Companies need to make four fundamental shifts in response to accelerating technological change.
The rate of technological innovation has become rapid that it is easy to become numb to the constant barrage of new products, each promising to disrupt the business world. These trends are speeding up the defining characteristics of the digital era: granularity, speed, and scale.
Advances in computing power, bandwidth, and analytical sophistication are paving the way for innovative new businesses and business models.
Many have written about identifying technology trends, but fewer have discussed the implications of those trends. With so many technologies seemingly competing for our attention, it is important to understand how those will play out on the world stage in the long term.
Take a look at these trends predicted by McKinsey Digital
Innovation at the edge
Hybrid cloud is the next natural evolution in technology. Businesses large and small now have access to a variety of cloud services that could potentially benefit their business, whether it be for data storage, IT management, or software development. However, businesses should be aware of hybrid cloud security threats and disadvantages before diving headfirst into the world of hybrid cloud solutioning.
At the heart of innovation lies the ability to develop and nurture a community of experts who can investigate problems, brainstorm solutions, and make recommendations. This "community" will extend beyond your own organization, across geographies and industries. It's essential to cultivate these networks instead of expecting your employees to generate breakthroughs in isolation.
It may be time for companies to rethink their approach to finding technology partners. Instead of looking for innovative solutions by relying on centralized teams, companies should tap their front lines—particularly business domain experts and technologists—to enable them to act as the business’s corporate venture-capital (VC) arm.
A Culture of Lifelong Learning
The pace of change has accelerated dramatically over the last decade due to advances in artificial intelligence, machine learning, robotics, and other technologies. Futurist and entrepreneur Peter Diamandis predicts that the next decade will bring more technological breakthroughs than the past 100 years combined.
Every role needs to be tech-literate, so learning must become continuous and built into the skills you use in each job.
Developing true tech intelligence will create huge opportunities for companies that develop a continuous learning culture. To achieve this, the program will train all levels of personnel, from citizen developers working with easy-to-use Low Code / No Code tools or in entirely new environments such as the Metaverse, to full stack developers and engineers who will need to continually evolve their skills to keep up with changing technologies.
LearnOps is a concept in which learning is built into the operations of a company. At Netflix, data scientists partner directly with product managers, engineering teams, and other business units to design, execute, and learn from experiments.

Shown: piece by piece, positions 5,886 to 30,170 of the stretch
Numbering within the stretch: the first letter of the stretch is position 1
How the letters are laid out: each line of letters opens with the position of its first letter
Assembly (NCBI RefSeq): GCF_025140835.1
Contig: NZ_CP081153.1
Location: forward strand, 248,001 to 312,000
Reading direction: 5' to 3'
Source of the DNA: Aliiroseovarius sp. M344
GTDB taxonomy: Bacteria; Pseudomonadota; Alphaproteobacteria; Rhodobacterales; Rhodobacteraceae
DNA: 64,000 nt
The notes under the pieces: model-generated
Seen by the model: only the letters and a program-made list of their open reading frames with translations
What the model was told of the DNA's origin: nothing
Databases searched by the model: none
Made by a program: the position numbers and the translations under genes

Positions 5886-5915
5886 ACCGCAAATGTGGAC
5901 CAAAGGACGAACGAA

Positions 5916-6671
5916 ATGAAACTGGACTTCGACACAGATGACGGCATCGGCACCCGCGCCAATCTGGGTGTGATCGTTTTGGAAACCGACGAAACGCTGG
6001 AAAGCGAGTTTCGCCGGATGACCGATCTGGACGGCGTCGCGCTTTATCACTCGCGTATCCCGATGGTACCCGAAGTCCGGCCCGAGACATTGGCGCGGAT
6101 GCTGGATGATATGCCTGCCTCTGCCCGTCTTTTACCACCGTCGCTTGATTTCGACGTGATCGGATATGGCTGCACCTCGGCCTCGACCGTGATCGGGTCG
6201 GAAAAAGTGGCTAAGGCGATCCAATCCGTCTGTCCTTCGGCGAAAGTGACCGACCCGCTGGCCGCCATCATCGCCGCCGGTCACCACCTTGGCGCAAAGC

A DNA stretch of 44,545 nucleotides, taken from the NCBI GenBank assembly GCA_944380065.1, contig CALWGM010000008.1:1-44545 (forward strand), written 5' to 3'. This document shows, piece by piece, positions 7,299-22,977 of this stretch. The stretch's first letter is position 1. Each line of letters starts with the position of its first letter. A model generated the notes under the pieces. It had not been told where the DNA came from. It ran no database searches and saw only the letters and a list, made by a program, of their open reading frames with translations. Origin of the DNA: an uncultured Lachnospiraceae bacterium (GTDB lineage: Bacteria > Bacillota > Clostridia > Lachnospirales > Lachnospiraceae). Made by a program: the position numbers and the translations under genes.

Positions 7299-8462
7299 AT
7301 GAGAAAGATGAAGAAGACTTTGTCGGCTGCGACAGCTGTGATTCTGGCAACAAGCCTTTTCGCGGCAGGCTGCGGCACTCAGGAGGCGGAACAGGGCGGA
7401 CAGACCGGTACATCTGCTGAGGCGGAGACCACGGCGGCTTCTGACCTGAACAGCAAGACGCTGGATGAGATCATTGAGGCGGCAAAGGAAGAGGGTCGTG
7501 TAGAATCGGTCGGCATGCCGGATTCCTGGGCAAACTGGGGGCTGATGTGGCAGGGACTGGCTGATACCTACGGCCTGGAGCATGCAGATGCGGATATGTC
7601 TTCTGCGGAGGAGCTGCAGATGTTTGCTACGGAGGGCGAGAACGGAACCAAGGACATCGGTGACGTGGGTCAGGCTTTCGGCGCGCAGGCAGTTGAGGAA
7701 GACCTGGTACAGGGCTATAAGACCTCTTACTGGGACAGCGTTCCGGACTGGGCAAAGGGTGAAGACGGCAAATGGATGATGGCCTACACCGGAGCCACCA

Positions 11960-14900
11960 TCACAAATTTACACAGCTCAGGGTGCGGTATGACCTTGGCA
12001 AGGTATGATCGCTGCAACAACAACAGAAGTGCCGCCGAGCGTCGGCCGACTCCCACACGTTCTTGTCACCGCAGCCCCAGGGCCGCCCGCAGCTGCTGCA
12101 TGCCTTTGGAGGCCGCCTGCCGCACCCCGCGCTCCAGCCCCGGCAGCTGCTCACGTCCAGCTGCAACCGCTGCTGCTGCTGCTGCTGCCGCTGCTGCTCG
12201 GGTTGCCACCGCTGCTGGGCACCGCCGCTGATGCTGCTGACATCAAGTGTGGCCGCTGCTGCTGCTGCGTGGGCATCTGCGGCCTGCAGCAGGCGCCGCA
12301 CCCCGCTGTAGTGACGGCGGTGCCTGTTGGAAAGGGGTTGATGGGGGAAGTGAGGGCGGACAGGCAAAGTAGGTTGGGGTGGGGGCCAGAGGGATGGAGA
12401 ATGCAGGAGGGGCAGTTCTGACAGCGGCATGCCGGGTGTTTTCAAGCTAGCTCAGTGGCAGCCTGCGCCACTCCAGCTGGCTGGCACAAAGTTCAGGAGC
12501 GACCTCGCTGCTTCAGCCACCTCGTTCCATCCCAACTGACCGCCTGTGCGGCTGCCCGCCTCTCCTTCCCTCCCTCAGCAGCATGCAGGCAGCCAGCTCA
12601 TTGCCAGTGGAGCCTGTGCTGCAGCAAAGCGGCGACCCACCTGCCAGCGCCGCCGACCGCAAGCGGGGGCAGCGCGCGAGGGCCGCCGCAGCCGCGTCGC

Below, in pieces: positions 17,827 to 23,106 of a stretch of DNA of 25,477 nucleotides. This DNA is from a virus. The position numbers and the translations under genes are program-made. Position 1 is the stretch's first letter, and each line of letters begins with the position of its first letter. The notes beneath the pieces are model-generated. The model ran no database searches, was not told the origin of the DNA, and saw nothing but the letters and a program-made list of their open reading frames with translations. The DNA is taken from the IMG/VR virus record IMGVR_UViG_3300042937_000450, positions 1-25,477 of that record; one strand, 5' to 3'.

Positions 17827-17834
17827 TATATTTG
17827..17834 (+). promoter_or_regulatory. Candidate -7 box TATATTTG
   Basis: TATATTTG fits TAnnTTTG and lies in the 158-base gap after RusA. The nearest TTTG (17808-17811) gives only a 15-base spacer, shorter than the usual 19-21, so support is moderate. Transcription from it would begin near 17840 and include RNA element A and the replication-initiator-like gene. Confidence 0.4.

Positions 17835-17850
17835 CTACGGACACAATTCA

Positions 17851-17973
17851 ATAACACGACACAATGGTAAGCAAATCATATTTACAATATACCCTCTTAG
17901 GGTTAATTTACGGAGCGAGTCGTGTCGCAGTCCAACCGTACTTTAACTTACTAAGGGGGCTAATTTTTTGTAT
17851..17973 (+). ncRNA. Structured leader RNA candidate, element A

IT as a service
The development of IT software has enabled a method of creating software in small, interoperable blocks. When companies incorporate a culture of innovation and foster a spirit of learning, IT departments can be transformed from mere service providers to strategic partners.
The trend toward a “buffet approach” to technology—where IT builds useful blocks of reusable code and makes them available through a user-friendly cataloging system for the business to use to create the products it needs—suggests that businesses will increasingly be able to create products on their own without as much need for custom-made software.
Many companies, including both traditional enterprises and digital natives, have found that putting a product leader in place who sets overall product and portfolio strategy, drives execution, and empowers product owners to drive innovation aligned with business outcomes has increased their return on the funding that flows to technology delivery.
A bigger trust circle
Researchers estimate that by 2022, almost all devices capable of performing biometric transactions will be doing so.
Technology-related developments are contributing to profound unease in the relationship between technology and consumers. According to a recent study conducted by The Pearson Institute and the Associated Press, two-thirds of Americans are very or extremely concerned about hacking that involves their personal information, financial institutions, government agencies, or certain utilities.
Consumers are becoming increasingly aware of their identity rights, making decisions based on values, and demanding ethical use of data and responsible AI. Cybersecurity is a concern at every level of the organization. The trust issues of the digital age are much broader and are driven by three characteristics.
One concern is the sheer quantity of personal data that companies, and governments collect, leading to privacy concerns and fears that certain information will be misused. The second is that personal security issues have become increasingly common in the physical world. Connected homes, cars, and the Internet of Medical Things can all be vectors for attack that affect people’s well-being. Third, people fear that advanced analytics are too complex to be understood and controlled, leading to deep unease about their relationship with technology.
Digital trends will continue to change the way we live. We need to focus on the forces that are driving change, understand how they affect businesses, and then harness them in our effort to compete and survive in an increasingly digital world. Montreal College of Information Technology tailors programs and certifications to fit the ever changing tech industry. Talk to an advisor to learn more on how you can land a dream job in this field.